August 10, 2016 by Bob Yirka
A team of researchers with the Centre for Biological Diversity, School of Biology, University of St Andrews, in the U.K. has found that the seemingly clever wire bending abilities of New Caledonian crow Betty back in 2002 may not have been as impressive as scientists at the time thought. They note in their paper published in Royal Society Open Science that while conducting field experiments with other crows of the same species in their native environment, several crows exhibited the same behavior as Betty, suggesting that her behavior might have been more responsive than insightful.
The video of Betty (made by a team at the University of Oxford) using a wire in attempting to retrieve a bucket of meat from inside a bottle captivated the science community when it was first revealed—after poking at the bucket for a minute or so, she pulled the wire out of the bottle, bent the tip to resemble a fish hook, dropped it back into the bottle and then hooked the handle of the bucket, allowing her to pull the meat up and out so she could eat it. The impression was that the crow had come up with a completely novel solution to a problem she had never encountered before—all on the spur of the moment. Such an ability was seen as an example of comparative cognition and high intelligence. But now it appears that Betty may have been engaging in an activity that others of her kind have been doing for quite some time.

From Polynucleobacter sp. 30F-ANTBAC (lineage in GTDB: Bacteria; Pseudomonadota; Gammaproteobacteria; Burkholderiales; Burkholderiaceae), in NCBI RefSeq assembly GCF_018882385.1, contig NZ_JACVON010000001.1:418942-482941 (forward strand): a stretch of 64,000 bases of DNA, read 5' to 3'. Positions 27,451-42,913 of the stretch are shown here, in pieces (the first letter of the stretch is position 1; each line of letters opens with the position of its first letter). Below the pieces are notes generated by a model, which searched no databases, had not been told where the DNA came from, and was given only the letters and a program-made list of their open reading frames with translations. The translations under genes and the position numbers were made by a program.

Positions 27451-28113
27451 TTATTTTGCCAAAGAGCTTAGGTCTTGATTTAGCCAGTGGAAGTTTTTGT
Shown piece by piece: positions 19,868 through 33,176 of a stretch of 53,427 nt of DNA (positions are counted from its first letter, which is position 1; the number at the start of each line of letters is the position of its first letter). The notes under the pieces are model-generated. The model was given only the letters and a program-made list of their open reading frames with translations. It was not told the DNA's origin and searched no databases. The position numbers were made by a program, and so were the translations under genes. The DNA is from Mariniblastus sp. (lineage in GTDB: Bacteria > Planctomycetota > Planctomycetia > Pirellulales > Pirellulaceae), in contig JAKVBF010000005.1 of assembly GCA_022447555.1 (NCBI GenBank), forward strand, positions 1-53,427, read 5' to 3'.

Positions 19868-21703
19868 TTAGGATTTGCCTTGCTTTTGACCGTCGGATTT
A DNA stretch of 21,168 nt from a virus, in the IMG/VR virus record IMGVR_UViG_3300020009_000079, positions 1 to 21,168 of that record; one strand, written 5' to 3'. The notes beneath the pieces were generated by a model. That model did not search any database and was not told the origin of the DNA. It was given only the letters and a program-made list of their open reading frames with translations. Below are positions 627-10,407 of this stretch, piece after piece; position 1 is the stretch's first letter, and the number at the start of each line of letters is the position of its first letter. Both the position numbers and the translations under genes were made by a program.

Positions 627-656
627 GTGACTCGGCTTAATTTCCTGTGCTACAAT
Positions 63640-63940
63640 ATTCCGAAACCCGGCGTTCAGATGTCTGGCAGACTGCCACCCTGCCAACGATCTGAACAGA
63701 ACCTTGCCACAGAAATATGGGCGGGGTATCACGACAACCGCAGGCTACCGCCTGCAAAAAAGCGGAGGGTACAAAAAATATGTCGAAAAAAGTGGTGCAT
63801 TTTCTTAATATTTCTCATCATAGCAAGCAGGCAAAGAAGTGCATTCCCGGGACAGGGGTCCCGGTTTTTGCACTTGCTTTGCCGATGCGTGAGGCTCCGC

To gain a better understanding of Betty's abilities, the researchers ventured to New Caledonia, an archipelago in the South Pacific and home to New Caledonian crows. There, they temporarily captured several specimens and placed them in an aviary. Once inside, the birds discovered that food had been placed in multiple hideaway spots and required the use of tools for retrieval. As the team observed, the birds got right to work using twigs as extensions to reach and retrieve the food. But some also bent the twigs in very nearly the same way as Betty had done in the video, which the researchers suggest made retrieval a bit easier.
These findings suggest that rather than using insight, Betty might have simply been following routines regularly used by members of her species, though the team notes, it does not rule out the possibility that she did understand what she was doing while she was doing it, as did the other birds they observed.